WASHINGTON, April 28, 2015 – Tyson Foods Inc., the country's biggest poultry producer, says it is on track to end the use of human antibiotics in its U.S. chicken production by September 2017.
The company says it has reduced antibiotic usage by 80 percent on broiler farms since 2011 and eliminated the drugs from its hatcheries.
Tyson is separately studying ways to reduce the use of medically important antimicrobials in cattle, hogs and turkeys. The company said it is forming working groups with academic experts and its independent producers will start this summer discussing ways to reduce antibiotic usage.
Donnie Smith, Tyson’s president and CEO, denied the company was responding to market pressure and was instead trying to address the concerns about antibiotic resistance.
“This is not a marketing campaign. This is our doing what we feel is the right and most reasonable response to balancing this global concern about antibiotic resistance with animal welfare,” Smith said.
Tyson owns its broiler chickens but not the cattle, hogs and turkeys it processes and doesn’t know how or to what extent antibiotics are used in their production, Smith said. Reducing antibiotic usage in chickens has required improving their housing and replacing the drugs with prebiotics, probiotics and botanicals, said Bill Hewat, the company’s director of international veterinary and live operations services
The company, which pledged to report annually on its progress in reducing antibiotic usage in broilers, doesn’t have a timeframe for eliminating antibiotic usage in its international production.
Public health advocates praised the company’s announcement.
“We hope that more restaurants and retailers will take advantage of the increased supply and make reduced antibiotic options available to their customers,” said Steve Roach, senior analyst with the advocacy group Keep Antibiotics Working.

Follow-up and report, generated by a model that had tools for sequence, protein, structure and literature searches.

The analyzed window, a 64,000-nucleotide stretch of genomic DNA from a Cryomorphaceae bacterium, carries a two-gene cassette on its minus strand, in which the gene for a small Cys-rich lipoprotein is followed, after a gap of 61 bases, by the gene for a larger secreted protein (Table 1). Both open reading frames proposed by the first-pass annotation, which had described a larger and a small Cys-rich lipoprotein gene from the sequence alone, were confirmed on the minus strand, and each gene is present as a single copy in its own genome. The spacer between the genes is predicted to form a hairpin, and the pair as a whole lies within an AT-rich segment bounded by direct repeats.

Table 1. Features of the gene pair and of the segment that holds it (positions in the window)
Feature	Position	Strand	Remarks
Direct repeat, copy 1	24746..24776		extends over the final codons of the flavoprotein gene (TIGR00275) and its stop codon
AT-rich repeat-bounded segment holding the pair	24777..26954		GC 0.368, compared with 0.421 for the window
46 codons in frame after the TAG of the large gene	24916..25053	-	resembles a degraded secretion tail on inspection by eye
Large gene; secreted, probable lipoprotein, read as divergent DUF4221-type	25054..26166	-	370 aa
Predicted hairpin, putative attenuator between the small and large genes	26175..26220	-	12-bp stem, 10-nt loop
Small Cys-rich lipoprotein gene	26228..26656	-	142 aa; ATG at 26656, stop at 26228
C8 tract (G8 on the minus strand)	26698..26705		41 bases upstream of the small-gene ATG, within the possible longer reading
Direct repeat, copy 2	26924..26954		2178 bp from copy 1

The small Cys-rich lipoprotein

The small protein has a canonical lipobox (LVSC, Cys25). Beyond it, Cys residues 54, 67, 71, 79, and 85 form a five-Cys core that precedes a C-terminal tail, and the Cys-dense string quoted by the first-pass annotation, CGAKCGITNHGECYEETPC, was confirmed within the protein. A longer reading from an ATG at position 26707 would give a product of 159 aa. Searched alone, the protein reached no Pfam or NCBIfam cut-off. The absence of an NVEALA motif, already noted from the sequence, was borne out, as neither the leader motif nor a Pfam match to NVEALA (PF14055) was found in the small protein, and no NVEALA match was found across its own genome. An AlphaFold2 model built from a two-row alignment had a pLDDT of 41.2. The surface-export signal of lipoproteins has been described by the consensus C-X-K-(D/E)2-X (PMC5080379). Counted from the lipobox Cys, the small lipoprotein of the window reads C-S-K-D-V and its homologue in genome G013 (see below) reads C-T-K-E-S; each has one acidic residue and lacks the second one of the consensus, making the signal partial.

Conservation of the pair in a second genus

“While the chicken industry as a whole is making great strides in reducing antibiotic overuse, it begs the question: Why are the turkey, pork and beef industries lagging so far behind?”
A former chief scientist at the Food and Drug Administration, Jesse Goodman, said it was “encouraging to see the increasing consciousness both in industry and among consumers that antibiotics are precious resources and should only be used when necessary for the health of animals or people.” Goodman is director of Georgetown University’s Center on Medical Product Access, Safety and Stewardship.
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The White House last month released a strategy for combatting antibiotic resistance that affirmed the steps the FDA has taken to phase out the use of medically important antimicrobials for growth promotion, through the voluntary cooperation of drugmakers, and to require veterinary oversight of all other uses of the antibiotics.
The plan also called for studying the extent of the problem on farms and laid out plans to accelerate development of new drugs that producers can use more safely.